By Barani Krishnan
NEW YORK (Reuters) - Crude oil futures tumbled 6 percent on Monday, reaching their lowest in nearly seven years, after OPEC failed to address a growing supply glut, while a stronger dollar made it more expensive to hold crude positions.
Brent and U.S. crude settled at or near February 2009 lows in belated reaction to the Organization of the Petroleum Exporting Countries' (OPEC) policy meeting on Friday which ended without an agreement to lower production.
OPEC oil ministers dropped any reference to the group's output ceiling for the first time in decades, highlighting disagreement among members about how to accommodate Iranian barrels once Western sanctions are lifted.
"What matters from here is whether there'll be any meaningful production cuts in the U.S., which don't seem to be coming," said Doug King, chief investment officer in London for the Singapore-based Merchant Commodity Fund. As of Monday, the $220 million hedge fund was flat on the year after its bearish oil views helped it recoup a 10 percent loss through November.
"Price-wise, the market could be going for max pain after this," King said. "The leader to the downside will be probably be WTI, because that's where the production cuts have to come."
WTI, the West Texas Intermediate benchmark for U.S. crude (CLc1), settled down $2.32 at $37.65 a barrel. That was its lowest settlement since February 2009, and after reaching a session low of $37.50.
Brent (LCOc1), the global crude benchmark, settled down $2.27 at $40.73, after striking a February 2009 low of $40.60.
WTI forward contracts <0#CL:> through 2024 all dropped below $60 a barrel.
U.S. shale oil output was expected to fall for a ninth consecutive month in January, the U.S. Energy Information Administration said on Monday. But the total decline of about 116,000 barrels per day was less than a tenth of the projected global oversupply in crude.
A Reuters poll of analysts forecast that U.S. commercial crude oil stocks likely remained unchanged last week after 10 straight weeks of builds.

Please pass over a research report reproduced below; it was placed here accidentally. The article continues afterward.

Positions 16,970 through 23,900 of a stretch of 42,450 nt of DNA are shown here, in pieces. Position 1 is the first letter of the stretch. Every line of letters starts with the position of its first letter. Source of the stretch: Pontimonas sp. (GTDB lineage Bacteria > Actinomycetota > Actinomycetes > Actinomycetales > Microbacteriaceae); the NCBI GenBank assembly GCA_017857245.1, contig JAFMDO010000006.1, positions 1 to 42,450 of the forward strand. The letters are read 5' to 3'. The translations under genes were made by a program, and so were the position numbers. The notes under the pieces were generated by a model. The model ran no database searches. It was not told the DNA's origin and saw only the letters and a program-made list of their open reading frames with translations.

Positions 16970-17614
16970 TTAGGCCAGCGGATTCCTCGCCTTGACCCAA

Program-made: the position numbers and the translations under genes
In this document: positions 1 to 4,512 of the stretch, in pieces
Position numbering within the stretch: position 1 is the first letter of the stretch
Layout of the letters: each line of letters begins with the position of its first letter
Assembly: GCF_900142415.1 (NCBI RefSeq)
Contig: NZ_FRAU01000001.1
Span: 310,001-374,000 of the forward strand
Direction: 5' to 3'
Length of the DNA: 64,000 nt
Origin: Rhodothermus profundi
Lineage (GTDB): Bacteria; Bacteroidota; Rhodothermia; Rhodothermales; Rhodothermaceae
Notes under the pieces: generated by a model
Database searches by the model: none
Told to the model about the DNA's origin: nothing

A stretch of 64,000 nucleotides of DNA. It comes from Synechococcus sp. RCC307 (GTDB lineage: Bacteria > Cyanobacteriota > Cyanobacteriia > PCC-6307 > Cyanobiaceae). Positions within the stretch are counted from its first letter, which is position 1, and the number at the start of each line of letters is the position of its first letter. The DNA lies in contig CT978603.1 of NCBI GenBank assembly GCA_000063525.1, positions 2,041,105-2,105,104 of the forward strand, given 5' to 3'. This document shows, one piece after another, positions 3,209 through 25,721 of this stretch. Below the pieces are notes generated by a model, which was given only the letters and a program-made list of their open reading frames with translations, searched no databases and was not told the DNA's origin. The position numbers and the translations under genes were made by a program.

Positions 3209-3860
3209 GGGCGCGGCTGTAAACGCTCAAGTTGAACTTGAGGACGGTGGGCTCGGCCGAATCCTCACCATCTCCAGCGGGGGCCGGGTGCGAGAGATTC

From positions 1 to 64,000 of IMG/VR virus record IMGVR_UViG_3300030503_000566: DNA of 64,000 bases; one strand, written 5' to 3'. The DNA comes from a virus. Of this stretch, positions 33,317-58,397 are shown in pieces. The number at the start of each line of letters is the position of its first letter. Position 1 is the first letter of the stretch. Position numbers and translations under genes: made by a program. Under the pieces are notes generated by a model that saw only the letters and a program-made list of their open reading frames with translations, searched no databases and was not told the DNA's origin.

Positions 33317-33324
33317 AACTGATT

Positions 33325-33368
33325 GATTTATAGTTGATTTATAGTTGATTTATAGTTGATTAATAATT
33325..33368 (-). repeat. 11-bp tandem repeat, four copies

The dollar (.DXY) added to the weight on oil, rising against a basket of currencies after U.S. jobs data on Friday bolstered the case for a rate hike later this month. (FRX/)
The selloff extended to the refined fuels market, with U.S. heating oil (HOc1) tumbling to a May 2009 bottom on forecasts for milder-than-usual weather that could reduce heating demand in the near-term. U.S. gasoline (RBc1) hit a one-month low.
OPEC's output of more than 30 million bpd has compounded an oil glut, pushing production by 0.5 million to 2 million bpd beyond demand.
OPEC kingpin Saudi Arabia, the world's biggest oil exporter, thinks unconventional oil producers, including U.S. shale drillers who have fed the glut, will eventually be squeezed out of the market by high production costs and low selling prices.
Saudi Aramco Chief Executive Amin Nasser told a conference in Doha he hoped to see oil prices adjust at the beginning of next year as unconventional supplies start to decline.
Patrick Pouyanne, CEO of French oil company Total (TOTF.PA), said a 2016 rebound would be premature as production growth would still outstrip demand.
Despite the overwhelming bearish view, some said oil could turn volatile if U.S. refiners continue ramping up gasoline production due to steady profit margins for the fuel.
"There's seasonal crude de-stocking in December for tax purposes, so anyone heavily shorting WTI should be beware," said Tariq Zahir, fund manager at New York's Tyche Capital Advisors, who is otherwise typically bearish on U.S. crude.
Prices could also violently snap back on short-covering.
"I won't sell it all the way down from here," said Jeffrey Grossman at New York's BRG Brokerage. "It's still risky for a bear."
(Editing by Marguerita Choy and Andrew Hay)